New Blood: Die Hard

Not the John McClane nuts you were expecting, Glasgow trio Die Hard are a talented band of mysterons who arrived overnight with a Technicolor debut. We sat down for an introductory blether...

Feature by Fred Weedon | 28 Feb 2012
  • Die Hard

Glasgow’s newest anomaly, Die Hard – comprised simply of Adam, Craig and Ryan – meet us under the shadow of Monorail’s formidably eclectic record collection, where they talk about their influences and motivations for creating what has transpired to be both a welcome surprise and an accomplished debut album. Out now, the eponymous release is a textured aural montage of colour, darkness and life in their home city.

Appearing seemingly from nowhere, Die Hard's constituent members are tight-lipped about where you may have seen or heard them before. The band made its entrance this February via the independent Halleluwah Hits label, who introduced ambient wunderkind Dam Mantle to the world. The album instantly grabbed us here, and we couldn’t pass up a chance to find out a bit more about the trio's kaleidoscopic LP.

So, Die Hard, who are you and where did you come from?
Ryan: We’ve been living together for a long time, always been into the same music, same films, it’s been inevitable that we were going to make music together.

You don't have much of an online presence, won't give your surnames and insisted on 'no faces' in your shoot with our photographer. Why do you want to remain so anonymous?
Ryan: Hmm. Well. it's not that we wish to be anonymous; when we gig we won't be hiding under masks, for example. We're just in no rush to jump around asking people on Facebook to vote for us in some pointless competition and one thing that gives us the fear is looking down the lens of a camera in a semi-seductive or slightly coy way. We really don't think that makes our music any better, in most cases it detracts. In general,
the people we respect are a bit more laid back about these things.

Fair enough, we’ll try not to make a big deal of it! There are a lot of fragmented parts to your album, using synths and sampling as much as more conventional instrumentation. Do you all have a set role, or is it not that rigid a set-up?
Ryan: We've each been doing music for years so moving between instruments feels really natural. That allows each of us to take to different instruments and have fun on our turn, which is really inspiring.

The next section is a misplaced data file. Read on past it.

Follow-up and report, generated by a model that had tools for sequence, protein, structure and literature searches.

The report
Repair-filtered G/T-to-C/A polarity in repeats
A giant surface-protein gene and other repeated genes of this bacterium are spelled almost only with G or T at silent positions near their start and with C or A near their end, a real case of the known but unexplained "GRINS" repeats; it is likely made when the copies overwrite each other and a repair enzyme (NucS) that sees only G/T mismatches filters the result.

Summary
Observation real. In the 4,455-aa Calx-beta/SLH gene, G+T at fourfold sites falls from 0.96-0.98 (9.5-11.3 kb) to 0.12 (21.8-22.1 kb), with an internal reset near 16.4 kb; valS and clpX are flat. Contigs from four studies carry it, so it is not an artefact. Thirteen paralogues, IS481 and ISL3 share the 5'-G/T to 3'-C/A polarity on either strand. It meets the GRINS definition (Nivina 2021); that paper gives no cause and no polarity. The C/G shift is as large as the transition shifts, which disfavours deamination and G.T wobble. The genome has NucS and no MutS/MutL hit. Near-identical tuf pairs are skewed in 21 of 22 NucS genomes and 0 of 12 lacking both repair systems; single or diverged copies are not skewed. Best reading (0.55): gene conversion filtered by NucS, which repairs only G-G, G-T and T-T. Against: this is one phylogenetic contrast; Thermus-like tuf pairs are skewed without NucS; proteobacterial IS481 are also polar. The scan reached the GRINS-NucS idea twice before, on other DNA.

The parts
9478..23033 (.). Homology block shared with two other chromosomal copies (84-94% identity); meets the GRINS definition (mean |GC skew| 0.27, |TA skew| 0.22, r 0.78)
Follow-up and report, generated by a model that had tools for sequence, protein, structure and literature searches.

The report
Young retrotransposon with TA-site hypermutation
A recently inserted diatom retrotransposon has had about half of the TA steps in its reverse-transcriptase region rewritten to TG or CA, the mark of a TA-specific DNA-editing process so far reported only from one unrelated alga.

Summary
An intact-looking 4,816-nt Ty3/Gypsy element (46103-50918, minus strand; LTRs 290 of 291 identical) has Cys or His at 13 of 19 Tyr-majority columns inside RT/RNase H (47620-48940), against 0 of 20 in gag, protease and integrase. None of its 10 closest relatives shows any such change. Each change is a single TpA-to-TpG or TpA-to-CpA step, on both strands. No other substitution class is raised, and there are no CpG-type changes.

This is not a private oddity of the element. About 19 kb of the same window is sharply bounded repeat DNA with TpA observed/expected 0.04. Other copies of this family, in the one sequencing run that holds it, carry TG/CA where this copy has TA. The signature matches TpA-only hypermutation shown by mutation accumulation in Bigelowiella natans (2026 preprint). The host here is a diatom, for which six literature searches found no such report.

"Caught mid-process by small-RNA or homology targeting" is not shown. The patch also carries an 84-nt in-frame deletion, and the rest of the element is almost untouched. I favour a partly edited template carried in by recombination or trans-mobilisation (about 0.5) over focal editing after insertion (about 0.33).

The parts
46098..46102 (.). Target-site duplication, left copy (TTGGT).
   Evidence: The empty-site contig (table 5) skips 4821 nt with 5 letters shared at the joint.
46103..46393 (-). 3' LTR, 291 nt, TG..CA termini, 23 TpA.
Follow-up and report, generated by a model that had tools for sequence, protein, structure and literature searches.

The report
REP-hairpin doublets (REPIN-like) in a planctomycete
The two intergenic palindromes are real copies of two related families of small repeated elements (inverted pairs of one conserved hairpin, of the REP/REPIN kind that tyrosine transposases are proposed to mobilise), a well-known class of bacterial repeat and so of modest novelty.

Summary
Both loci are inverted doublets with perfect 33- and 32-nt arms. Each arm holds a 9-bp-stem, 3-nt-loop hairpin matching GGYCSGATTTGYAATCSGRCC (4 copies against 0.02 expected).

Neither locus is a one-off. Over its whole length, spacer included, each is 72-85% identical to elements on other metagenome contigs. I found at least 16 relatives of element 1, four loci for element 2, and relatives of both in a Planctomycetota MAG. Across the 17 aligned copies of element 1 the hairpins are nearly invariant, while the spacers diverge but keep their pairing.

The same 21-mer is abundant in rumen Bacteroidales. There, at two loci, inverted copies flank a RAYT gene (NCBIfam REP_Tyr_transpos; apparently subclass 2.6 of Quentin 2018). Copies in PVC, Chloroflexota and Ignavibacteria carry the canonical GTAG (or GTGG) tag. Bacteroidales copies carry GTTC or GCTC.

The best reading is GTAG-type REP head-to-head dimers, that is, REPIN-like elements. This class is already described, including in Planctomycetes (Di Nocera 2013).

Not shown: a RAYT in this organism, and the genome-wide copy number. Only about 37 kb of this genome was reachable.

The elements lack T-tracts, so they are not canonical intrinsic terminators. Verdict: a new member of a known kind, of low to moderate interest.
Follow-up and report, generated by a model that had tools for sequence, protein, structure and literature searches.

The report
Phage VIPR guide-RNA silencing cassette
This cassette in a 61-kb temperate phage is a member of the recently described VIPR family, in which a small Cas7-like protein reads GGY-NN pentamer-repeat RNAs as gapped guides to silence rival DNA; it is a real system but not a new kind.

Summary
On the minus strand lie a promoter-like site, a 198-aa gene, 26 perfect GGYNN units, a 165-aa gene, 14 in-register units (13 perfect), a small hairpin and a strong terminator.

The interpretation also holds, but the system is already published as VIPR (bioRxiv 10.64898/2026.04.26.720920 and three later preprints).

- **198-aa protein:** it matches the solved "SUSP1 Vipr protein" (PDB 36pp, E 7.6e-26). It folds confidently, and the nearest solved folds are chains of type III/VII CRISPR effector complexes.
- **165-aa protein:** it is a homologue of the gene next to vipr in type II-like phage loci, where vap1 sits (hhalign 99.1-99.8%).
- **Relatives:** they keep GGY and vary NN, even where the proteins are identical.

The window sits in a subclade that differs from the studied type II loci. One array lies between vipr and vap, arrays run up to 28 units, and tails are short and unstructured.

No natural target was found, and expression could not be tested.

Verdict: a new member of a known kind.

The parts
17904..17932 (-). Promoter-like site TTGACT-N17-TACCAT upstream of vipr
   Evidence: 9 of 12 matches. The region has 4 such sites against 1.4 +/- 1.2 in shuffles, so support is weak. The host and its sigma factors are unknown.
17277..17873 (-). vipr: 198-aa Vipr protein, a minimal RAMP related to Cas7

Which bands and records have stopped you in your tracks over those years and made you think 'I'd like to make music like this'?
Ryan: Not just one band, or one album, sometimes it’s a sound, sometimes an attitude – we’ll like what a certain band have to say. We’re definitely into chaotic, colourful music, with movement. Movement is a key thing to what we do.

There seems to be a big Animal Collective influence...
Ryan: Yeah, and there's definitely other stuff, of course. There’s not a direct influence from them, because we’ve been making music together for longer than we’ve been into them, but certainly from a live perspective, they opened up some ideas in terms of sampling and what you can do there.
Craig: You definitely can’t pin us down to just Animal Collective!

Point taken. The earlier songs on the record are really colourful and vibrant, but then it all gets quite dark and moody in the latter half, what was the rationale behind that contrast?
Craig: Some of the later songs, where it gets a bit darker, are more influenced by dark electronica – like some of that type of stuff that Warp Records have put out over the years.
Ryan: It’s interesting you say that, because we managed to get the record on one vinyl. The first half has a different colour and tone to the second, so you flip it over and the second half becomes a different part. It’s worked out pretty sweet
Craig: It triggers pictures, and colours, that tie in with memory.

Did you intend to release it on vinyl from the start?